Approval of prior minutes
As a matter of good corporate governance, prior minutes of the meetings of the board should be reviewed by the board and approved at the next board meeting or through resolutions in a board consent. Upon approval of the minutes, the board directs the secretary of such meetings to execute the minutes and to cause them to be filed with the minutes of the meetings of the board.
What are the consequences of failing to obtain board approval?
The failure to obtain board approval for the grant or issuance of stock options, capital stock, warrants and the like can have significant implications for a company. First, the grant or issuance of such security may be invalid, so the security holder may not have ownership rights in the security, or the security holder may not have the right to receive the return of the holder’s investment in the company’s equity.
Second, the failure to properly document security issuances by a company can result in a significant loss of confidence in the company by not only existing investors, but also prospective investors that become aware of such documentation and approval failures.
In particular, often when a company undergoes a round of preferred stock financing, the investors conduct a detailed review of the capitalization table as part of their due diligence review of the company. This capitalization table review, which is referred to as ‘cap table tie out’, involves a careful review of the company’s capitalization table against the company’s board consents, board minutes, stock option grant awards, restricted common stock purchase agreements and other such documentation. This is to confirm that the capitalization table reflects the number of securities that are issued and outstanding and the number of shares of stock options available for issuance.
In order to maintain the prospective investor’s confidence in the company’s recordkeeping, it is vital that the capitalization table set forth an accurate list of the company’s outstanding shares of capital stock as well as any outstanding securities that are convertible into or exercisable for common stock, including stock options. Furthermore, the exact number of shares outstanding before the financing is of critical importance to investors because the number is a key part of the formula used to determine the price at which the new preferred stock will be sold by the company in the financing.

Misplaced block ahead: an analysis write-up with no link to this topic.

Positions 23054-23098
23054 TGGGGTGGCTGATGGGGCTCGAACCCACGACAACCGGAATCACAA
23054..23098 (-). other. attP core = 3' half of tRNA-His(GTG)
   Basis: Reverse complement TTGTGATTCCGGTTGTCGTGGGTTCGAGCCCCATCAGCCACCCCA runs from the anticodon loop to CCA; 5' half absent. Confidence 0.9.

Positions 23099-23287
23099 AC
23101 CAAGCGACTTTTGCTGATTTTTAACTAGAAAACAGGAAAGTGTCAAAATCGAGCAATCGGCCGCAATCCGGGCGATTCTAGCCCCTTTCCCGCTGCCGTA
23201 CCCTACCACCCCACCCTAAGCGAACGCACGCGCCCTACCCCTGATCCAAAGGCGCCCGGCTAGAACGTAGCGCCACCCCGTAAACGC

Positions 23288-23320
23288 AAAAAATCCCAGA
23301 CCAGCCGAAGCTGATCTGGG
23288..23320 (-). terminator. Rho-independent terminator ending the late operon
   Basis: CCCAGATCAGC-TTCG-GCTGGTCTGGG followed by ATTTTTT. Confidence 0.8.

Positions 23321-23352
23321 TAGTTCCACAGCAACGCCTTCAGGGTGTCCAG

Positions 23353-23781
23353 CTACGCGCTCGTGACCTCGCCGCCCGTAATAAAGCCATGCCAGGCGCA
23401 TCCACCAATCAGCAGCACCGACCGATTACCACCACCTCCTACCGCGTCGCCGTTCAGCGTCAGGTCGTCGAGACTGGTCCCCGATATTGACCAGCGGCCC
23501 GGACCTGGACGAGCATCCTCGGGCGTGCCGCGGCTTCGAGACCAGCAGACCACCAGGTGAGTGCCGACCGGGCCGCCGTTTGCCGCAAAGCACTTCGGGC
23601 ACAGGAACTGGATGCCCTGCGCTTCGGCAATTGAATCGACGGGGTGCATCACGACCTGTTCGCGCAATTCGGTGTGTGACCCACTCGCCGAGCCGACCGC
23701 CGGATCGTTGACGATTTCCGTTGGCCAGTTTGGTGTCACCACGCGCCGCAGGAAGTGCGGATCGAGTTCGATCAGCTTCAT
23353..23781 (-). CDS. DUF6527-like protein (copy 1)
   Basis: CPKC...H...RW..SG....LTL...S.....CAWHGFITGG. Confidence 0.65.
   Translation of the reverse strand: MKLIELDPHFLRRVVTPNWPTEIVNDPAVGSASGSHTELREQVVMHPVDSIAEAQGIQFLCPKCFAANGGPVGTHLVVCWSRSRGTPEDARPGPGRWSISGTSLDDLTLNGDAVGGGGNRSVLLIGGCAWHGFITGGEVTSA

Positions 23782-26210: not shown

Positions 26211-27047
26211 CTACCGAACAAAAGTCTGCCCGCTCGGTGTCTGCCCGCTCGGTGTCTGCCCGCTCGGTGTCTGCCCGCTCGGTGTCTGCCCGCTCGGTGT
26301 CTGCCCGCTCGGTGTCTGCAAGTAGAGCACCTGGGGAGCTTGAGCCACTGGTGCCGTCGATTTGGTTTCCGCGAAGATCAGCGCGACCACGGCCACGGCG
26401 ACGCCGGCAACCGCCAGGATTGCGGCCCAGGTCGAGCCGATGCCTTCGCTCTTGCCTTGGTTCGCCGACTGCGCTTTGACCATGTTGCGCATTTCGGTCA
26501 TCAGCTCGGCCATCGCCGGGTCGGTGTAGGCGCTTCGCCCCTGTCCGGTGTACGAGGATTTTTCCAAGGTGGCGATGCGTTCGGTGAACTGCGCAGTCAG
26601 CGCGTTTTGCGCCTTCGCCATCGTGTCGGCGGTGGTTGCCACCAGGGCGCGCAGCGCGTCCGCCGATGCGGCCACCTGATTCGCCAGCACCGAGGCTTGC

The failure to document the election of an officer, on the other hand, means any action taken by such officer prior to formal board approval may be deemed void. Board approval of the election of officers is a means through which officers are granted signing authority on behalf of a company. Thus, if an individual has signed documents in his or her capacity as an officer of the company before the individual was formally appointed to that office by the board, the individual’s signature on the documents could be deemed to be invalid and any document that contains the invalid signature would be deemed to be ineffective.
What can a company do if it fails to document board approval for a company action?
All is not lost! In the event a company fails to record resolutions approving certain actions of the company in a board consent or board minutes, ratification could be the solution. In practice, this means the company can draft a board consent after the fact that ratifies past actions of the company and its officers.
In the case of prior board meeting minutes that have not been approved by the board, the board can approve such minutes at its next board meeting or in a separate board consent. In most cases, ratification of the matter by the board is sufficient to reflect the board’s approval of the matter.
Jullia Park is an associate in the emerging companies and venture capital practice group at Morrison & Foerster, and John Rafferty is a partner in the practice.